What the hell are all these feelings? By Aaron Smith
What are these things in our chest, derived from somewhere deep in our psyche? We call them happiness, anger, sadness, joy. We feel these things as the days go by, but what are they exactly? Are they just arbitrary spasms of brain chemistry? Are they something more ethereal, touching some divine purpose?
The practice of mindfulness is the practice of awareness. Being aware and present of what is happening in the moment keeps us grounded, but it also keeps us in touch with ourselves, our inner workings, our bodies and their reactions to the world around us. The reality of practicing mindfulness is that you become very aware of your feelings. As they come and go, you end up acknowledging them, feeling them, letting them pass over you. You’re not supposed to avoid your feelings, you’re supposed to accept them.
How do you accept these things we feel without simply resigning yourself to being battered around by their capricious whims?
Maybe we feel things for a reason. Maybe instead of coming from somewhere “out there”, they are our bodies, minds, and hearts telling us things. Important things. Maybe feelings are messages about ourselves to ourselves.
See, our bodies are always experiencing the world around us. Through touch, sight, hearing, taste, and smell we take in the environment we are in. All this information does something in us. It makes us react. Serotonin fires. Dopamine floods our systems. The fight or flight response is activated. All of these things happen because of the input we receive through our senses.
Feelings help us navigate the world around us by telling us about our inner life, about what is happening inside us as we go through these days. Sadness, anger, happiness, worry, and the whole host of other emotions we have are messages our bodies are sending us. The feelings are trying to tell us things, things about what’s happening in and to us, things about how we are reacting, things about how our state of health.
These messages are always coming and going. Most of the time we don’t notice them until they get overwhelming. This is where mindfulness comes into play. As we let the feelings be felt our bodies and let the thoughts that accompany them flow through our mind, we get sort of a barometer to our wellbeing. Are we angry, full of harsh thoughts? Something is causing that anger and it’s worth it to explore the cause of these emotions. Same with sadness, we are reacting to something happening to us (even if it’s just a chemical imbalance in the brain) and it’s worth it to get to know ourselves enough to realize what causes these negative emotions.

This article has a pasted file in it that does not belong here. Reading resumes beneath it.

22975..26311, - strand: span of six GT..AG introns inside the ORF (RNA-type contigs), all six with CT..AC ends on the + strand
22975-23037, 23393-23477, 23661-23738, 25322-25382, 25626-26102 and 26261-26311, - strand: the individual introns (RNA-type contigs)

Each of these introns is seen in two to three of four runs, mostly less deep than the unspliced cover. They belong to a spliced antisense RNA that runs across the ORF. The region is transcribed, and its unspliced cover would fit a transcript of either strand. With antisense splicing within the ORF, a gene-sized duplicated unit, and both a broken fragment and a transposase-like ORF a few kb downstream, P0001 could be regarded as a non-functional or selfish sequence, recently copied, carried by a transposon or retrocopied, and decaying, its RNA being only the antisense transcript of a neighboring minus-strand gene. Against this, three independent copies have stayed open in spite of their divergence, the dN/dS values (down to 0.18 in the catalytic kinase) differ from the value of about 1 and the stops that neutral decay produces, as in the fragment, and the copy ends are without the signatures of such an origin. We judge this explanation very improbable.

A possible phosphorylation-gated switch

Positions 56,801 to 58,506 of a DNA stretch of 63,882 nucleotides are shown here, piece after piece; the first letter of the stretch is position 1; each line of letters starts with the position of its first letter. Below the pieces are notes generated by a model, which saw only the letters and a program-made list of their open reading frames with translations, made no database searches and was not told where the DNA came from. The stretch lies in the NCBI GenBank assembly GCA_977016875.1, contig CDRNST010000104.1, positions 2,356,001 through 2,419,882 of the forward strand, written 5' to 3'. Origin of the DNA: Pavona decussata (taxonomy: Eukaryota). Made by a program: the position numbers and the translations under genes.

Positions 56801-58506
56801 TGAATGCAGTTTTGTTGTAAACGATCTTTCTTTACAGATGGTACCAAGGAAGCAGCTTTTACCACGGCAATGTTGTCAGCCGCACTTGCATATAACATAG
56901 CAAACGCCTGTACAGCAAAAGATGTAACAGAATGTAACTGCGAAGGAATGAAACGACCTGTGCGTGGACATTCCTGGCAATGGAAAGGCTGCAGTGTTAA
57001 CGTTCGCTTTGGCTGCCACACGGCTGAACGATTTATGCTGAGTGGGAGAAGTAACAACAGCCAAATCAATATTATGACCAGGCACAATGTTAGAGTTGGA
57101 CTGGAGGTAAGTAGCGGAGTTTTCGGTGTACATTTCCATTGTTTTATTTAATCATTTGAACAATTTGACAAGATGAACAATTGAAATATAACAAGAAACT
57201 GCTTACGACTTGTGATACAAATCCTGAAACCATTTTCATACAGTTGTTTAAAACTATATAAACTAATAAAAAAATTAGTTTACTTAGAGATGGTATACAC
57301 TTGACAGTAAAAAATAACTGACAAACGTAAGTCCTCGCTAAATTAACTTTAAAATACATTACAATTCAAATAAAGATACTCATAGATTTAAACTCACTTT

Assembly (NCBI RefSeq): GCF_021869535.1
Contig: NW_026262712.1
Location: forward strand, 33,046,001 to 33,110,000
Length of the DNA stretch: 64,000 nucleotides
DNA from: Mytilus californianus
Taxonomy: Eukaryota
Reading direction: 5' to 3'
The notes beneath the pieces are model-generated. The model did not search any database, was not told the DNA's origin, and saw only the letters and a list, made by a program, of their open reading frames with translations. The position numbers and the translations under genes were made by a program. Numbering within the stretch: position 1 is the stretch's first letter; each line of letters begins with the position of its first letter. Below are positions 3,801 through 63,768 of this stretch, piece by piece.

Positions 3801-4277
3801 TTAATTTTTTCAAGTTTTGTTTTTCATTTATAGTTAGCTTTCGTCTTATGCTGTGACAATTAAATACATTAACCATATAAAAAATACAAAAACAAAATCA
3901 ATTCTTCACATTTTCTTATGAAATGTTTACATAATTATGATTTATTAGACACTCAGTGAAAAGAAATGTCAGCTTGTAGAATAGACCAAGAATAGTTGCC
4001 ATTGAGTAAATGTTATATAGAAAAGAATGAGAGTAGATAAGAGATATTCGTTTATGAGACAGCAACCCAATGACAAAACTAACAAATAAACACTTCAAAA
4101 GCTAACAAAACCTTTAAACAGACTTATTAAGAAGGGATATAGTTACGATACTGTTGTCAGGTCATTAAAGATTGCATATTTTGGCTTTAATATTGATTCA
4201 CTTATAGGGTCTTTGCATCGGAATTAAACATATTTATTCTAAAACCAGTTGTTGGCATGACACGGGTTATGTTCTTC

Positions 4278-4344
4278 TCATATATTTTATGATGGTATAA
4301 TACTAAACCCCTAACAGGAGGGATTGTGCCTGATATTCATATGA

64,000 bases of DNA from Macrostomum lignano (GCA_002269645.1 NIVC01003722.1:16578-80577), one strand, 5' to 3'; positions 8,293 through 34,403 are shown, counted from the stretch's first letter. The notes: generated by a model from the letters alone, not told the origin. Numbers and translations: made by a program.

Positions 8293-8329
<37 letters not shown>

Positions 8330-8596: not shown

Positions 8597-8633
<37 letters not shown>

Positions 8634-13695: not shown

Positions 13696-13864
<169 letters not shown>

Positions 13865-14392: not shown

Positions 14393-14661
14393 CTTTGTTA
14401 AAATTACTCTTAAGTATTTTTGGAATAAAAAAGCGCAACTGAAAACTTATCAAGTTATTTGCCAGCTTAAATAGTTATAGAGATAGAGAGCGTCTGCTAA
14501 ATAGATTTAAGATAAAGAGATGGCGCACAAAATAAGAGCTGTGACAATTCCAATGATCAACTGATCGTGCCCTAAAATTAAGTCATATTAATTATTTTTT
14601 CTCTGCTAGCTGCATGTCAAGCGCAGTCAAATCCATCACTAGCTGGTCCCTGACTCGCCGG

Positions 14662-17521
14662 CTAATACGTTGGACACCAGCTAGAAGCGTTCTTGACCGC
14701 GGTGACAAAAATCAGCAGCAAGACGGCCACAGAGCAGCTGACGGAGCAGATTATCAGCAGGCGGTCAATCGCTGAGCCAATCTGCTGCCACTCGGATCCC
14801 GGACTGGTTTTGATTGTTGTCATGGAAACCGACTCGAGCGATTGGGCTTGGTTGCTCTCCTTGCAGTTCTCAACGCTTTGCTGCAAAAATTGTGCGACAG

Positive emotions work the same way. There is a reason we feel happy, joyous, content. Finding the root cause of these emotions can even help us begin to put effort into things in life that make us feel good instead of just reacting against negative emotions.
When I was taught this by my therapist, It was kind of like someone turned the light on in my brain. Basically, she was telling me that feelings are there for a reason. They aren’t just capricious things that come and go. There are reasons we feel what we do, and it’s worth looking into the reasons so we can understand our feelings and ourselves.
These days, whenever I am aware of my emotions (which doesn’t happen all the time) I try and listen to what they are telling me, what insight they have into my situation and myself. For example, I have been dealing with severe panic attacks and super high anxiety this week. I’m trying to discover the reason for this rather than just trying to make them stop. I’ve been feeling the full force of the anxiety (and it is fucking exhausting) and trying to listen to what my body is telling me. What am I anxious about? Maybe it’s nothing and these panic attacks are just my brain misfiring. But, chances are there is something triggering these feelings, just like happiness, sadness, or anger. So I am exploring myself.
It’s a little scary to do at first because you do have to feel your feelings. But that is so much better than avoiding them. And we can learn so much from our feelings and the messages they are trying to send us.
Mindfulness is an entry point to discovering that our bodies contain wisdom about ourselves and the world around us if we will just stop and listen.
This is the second installment in a series about mindfulness by Aaron J. Smith. Read the first post in the series here.
My name is Aaron J. Smith (aka CulturalSavage). I am in my thirties, a father, a writer, a dreamer, and kind of a mess.
When I was 28, I was diagnosed Bipolar 2. I write about what a life with a mental illness looks like. I’m an advocate for removing the stigma of mental health. I’ve been featured on HuffPost live to talk about living with a mental illness and spoke in 2014 and 2015 at the Shattering Stigma conference.
I’ve been blogging for 10 years or so and am in the never-ending process of writing. I currently am featured in Father Factor, The Stigma Fighters Anthology Volume 1 and was a staff writer for Bedlam Magazine. I am also a contributor to The Mighty and The Good Men Project.
My family and I live in Portland, OR.
Thanks for reading. If you like my words and my work, would you consider helping me support CulturalSavage?